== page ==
A Carrington Catastrophe
My February 28, 2012 article, Geomagnetic Storm described the catastrophe that a large magnetic storm, equivalent in size to the solar storm in 1859, i.e., the Carrington event, could cause.
Put simply: A geomagnetic storm of that size would probably cause the grid to collapse so that all the people in the northern part of the United States, together with Canada, would be without electricity for months, if not a year or two.
The potential for this to be a civilization-ending event in the United States and Canada, and possibly Northern Europe, with possibly 200 million people from Boston to Seattle going without electricity, food, water and sewage treatment etc. for months, or possibly a year or two, is great if action isn’t taken.
FERC held a technical conference in April, 2012 to address the issue. Experts from the government and industry explored the probable outcome of a Carrington-like event, with disagreement over how devastating a collapse of the grid might be.
The North American Electric Reliability Corp. (NERC), which reports to FERC on reliability issues, had said the collapse of the grid would occur in such a way that induced currents wouldn’t destroy transformers or other equipment. This was vigorously contested by most of the other participants of the technical meeting.
There are 300 high voltage transformers that are in danger of a Carrington-like event. If NERC is wrong, which could easily be the case, many of these transformers would be destroyed by induced currents. Without spares, of which there are only a few, the grid would be out of service while new transformers were being built, which could take over a year.
In listening to the technical discussion, which lasts for over four hours1, it would seem that the NERC hypothesis is Pollyannaish.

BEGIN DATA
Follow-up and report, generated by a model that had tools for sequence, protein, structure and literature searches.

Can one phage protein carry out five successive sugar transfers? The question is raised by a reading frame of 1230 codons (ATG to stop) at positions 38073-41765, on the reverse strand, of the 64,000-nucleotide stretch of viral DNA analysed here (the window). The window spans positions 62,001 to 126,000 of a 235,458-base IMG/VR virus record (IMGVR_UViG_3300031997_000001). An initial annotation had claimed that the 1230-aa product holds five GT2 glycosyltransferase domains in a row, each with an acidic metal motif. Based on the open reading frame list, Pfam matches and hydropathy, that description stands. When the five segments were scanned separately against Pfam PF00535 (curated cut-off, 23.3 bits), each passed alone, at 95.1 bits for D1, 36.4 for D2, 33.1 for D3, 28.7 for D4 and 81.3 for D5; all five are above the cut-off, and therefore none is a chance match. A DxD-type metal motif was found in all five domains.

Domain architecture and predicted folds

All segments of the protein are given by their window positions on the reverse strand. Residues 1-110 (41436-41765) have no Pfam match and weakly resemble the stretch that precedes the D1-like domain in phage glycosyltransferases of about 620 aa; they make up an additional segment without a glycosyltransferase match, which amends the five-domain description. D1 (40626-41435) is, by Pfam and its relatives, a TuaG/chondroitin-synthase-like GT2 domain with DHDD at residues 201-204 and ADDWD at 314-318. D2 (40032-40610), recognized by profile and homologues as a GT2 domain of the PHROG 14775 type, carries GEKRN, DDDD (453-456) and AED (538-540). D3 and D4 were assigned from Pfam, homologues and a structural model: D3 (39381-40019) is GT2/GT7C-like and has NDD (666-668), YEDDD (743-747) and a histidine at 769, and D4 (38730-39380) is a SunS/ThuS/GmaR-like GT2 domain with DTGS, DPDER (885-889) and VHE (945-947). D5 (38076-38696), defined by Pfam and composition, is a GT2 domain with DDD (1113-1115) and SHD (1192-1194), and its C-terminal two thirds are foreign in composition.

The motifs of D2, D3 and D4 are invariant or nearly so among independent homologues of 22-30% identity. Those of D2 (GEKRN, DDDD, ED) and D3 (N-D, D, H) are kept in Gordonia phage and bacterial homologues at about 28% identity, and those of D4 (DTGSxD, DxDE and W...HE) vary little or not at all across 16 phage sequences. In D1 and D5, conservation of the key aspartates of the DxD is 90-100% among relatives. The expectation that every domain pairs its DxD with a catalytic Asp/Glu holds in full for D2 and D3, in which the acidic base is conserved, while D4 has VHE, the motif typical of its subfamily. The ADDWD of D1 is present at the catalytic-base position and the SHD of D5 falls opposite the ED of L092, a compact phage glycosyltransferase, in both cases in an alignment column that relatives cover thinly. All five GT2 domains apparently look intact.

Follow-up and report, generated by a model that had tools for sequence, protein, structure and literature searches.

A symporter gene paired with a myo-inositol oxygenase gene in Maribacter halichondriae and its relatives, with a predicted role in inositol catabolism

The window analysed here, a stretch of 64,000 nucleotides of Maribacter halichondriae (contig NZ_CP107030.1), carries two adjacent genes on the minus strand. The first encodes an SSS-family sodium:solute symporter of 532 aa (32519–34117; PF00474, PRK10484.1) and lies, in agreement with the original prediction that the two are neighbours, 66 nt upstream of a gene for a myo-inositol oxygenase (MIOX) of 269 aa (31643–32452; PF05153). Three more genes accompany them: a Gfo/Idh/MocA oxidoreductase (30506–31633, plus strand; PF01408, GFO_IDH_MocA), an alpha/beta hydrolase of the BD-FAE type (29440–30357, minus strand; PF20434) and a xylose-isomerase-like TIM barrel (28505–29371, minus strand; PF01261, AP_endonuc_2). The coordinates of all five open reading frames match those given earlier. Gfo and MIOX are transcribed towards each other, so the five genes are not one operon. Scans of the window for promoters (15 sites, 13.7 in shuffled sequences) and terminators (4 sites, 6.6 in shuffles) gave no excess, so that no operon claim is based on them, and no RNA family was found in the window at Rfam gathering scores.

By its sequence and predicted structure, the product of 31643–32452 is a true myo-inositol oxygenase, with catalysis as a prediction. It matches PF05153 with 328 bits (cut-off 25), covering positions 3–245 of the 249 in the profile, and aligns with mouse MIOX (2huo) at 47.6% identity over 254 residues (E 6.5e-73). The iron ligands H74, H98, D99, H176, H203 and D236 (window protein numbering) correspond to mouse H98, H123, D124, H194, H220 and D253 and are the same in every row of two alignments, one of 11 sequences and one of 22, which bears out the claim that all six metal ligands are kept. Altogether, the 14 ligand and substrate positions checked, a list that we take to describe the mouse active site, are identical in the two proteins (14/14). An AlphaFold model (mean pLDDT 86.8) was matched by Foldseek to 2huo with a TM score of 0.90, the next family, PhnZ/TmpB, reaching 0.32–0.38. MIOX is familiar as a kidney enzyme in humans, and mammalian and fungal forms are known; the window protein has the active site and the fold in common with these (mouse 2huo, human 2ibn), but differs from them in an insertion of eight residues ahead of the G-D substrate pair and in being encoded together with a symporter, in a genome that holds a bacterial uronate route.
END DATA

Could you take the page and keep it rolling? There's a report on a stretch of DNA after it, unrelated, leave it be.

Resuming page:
Trying to prepare for a Carrington-like event is extremely difficult. No one knows whether the Carrington Event was a once in a two century event, once in a millennium event, or once in a ten thousand year event. But some other large events, roughly 40% the size of the Carrington Event, have occurred in 1921 and in 1989. The 1989 event caused the grid in Quebec, Canada to fail.
NOAA issues a watch when there is a large solar flare on the sun. It takes roughly 17 hours for the storm to reach a satellite from which the severity of the storm can be predicted. It then takes approximately twenty minutes for the storm to impact the earth’s magnetic field. The satellite in question is fifteen years old, with a replacement not seen until 2014. Without that satellite, the severity of the storm cannot be predicted.
Further complicating the issue is that large storms can occur during weak parts of the solar cycle, rather than just during peak periods. We are entering the peak period of the current cycle.
In addition, it’s not known precisely how the transformers and other equipment, such as generators and circuit breakers, will fail from the induced current or from harmonics, so it’s currently not possible to establish design and test standards for transformers to ensure they won’t fail.
A Carrington-like event will almost assuredly occur sometime in the future … perhaps next week, next year, or perhaps not for a hundred years.
But when it occurs, if we haven’t taken action to either prevent failures or replace failed transformers and other equipment, we face the prospect of the end of civilization as we know it in the United States.
This is far more important than global warming. We are wasting our time and effort on trying to prevent temperatures from rising, which, even if they did, could be compensated for.
There currently is no defense against a Carrington-like event and Congress should get involved and force resolutions of the questions raised in the FERC meeting.
1. The link to the FERC technical meeting is at http://bit.ly/10QQksb
2. The January issue of Power Magazine had an article on Black Swan events, of which a Carrington-like event would qualify.
3. The book, The Sun Kings, by Stuart Clark, provides a description of the Carrington Event, as well as an excellent history of astronomy.
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